Between 1890 and 1920, the forces accompanying industrialization sent the familiar nineteenth-century world plummeting toward extinction. The traditional countryside with its villages and family farms was eclipsed by giant corporations and sprawling cities. America appeared headed into an unknown future.
In lively, accessible prose, John Chambers incorporates the latest scholarship about the social, cultural, political, and economic changes which produced modern America. He illuminates the experiences of blacks, Asians, Latinos, as well as other working men and women in the cities and countryside as they struggled to improve their lives in a transformed economy. He explores the dimensions of the new consumer society and the new information and entertainment industries: newspapers, magazines, the movies. Striding these pages are many of the prominent individuals who shaped the attitudes and institutions of modern America: J. P. Morgan and corporate reorganization; Jane Addams and the origin of modern social work; Mary Pickford and the new star-oriented motion picture industry; and the radical labor challenge of “Big Bill” Haywood and the “Wobblies.”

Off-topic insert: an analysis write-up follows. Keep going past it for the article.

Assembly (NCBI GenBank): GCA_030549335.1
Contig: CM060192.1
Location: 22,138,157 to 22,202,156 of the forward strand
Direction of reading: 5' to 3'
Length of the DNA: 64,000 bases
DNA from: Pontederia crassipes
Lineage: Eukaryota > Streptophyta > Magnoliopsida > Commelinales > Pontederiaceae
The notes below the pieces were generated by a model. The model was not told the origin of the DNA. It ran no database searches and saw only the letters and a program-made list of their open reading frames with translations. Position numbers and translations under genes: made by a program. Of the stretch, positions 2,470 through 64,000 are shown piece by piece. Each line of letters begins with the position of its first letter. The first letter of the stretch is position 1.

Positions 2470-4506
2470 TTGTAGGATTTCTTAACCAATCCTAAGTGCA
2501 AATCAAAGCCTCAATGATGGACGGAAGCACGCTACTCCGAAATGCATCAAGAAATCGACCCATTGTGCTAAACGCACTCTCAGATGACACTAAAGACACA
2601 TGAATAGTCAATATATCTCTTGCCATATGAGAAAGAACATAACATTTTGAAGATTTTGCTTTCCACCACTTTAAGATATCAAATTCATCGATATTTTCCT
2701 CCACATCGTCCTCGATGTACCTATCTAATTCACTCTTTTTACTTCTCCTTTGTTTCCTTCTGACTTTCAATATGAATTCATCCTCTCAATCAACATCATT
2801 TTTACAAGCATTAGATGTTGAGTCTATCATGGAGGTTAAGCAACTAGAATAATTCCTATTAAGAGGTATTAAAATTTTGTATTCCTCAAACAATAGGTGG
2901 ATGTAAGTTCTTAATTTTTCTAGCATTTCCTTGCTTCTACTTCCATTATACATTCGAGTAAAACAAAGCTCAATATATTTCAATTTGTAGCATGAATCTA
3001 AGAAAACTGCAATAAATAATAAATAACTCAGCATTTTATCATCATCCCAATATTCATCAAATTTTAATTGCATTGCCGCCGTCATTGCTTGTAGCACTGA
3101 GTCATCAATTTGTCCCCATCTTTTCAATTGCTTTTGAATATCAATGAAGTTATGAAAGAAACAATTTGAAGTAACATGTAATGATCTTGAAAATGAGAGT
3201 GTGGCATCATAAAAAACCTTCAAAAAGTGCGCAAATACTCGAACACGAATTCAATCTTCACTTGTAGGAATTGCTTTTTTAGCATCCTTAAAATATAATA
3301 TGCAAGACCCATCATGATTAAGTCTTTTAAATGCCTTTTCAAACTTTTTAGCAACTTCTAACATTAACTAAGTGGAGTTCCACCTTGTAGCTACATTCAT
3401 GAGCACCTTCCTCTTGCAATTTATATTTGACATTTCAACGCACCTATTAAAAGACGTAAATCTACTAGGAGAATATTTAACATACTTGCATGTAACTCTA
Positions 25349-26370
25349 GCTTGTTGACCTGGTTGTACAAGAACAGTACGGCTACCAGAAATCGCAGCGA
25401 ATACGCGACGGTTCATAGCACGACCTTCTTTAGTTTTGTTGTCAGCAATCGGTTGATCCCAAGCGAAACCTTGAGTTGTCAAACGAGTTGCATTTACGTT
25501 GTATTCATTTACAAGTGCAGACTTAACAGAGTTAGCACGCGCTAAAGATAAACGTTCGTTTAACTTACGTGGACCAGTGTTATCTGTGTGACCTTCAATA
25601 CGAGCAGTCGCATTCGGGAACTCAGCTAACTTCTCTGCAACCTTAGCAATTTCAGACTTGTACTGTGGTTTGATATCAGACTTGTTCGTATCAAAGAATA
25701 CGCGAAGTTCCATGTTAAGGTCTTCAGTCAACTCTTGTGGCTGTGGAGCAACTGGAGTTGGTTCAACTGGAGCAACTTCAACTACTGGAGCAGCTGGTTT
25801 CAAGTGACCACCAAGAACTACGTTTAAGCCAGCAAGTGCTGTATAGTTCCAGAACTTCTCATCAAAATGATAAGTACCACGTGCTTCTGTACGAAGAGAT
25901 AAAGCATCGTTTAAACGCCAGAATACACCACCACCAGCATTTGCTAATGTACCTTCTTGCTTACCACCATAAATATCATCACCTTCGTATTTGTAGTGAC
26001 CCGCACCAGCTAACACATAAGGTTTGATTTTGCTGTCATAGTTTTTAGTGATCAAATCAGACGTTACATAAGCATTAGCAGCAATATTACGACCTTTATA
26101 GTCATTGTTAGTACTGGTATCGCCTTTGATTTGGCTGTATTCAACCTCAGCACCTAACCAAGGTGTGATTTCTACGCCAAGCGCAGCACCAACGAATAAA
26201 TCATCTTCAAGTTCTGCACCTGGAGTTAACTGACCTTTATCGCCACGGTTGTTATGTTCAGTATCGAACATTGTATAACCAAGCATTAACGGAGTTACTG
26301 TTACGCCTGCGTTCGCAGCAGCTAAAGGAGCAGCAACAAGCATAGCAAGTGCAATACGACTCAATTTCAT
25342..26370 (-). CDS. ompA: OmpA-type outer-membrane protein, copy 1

While recognizing a “progressive ethos”—a mixture of idealistic vision and pragmatic reforms—which dominated the mainstream reforms that characterized the period, Chambers elaborates the role of civic volunteerism as well as the state in achieving directed social change. He also emphasizes the importance of radical and conservative political forces in shaping the so-called “Progressive Era.”
The revised edition in this classic work has an updated bibliography and a new preface, both of which incorporate particularly the new social and cultural research of the past decade.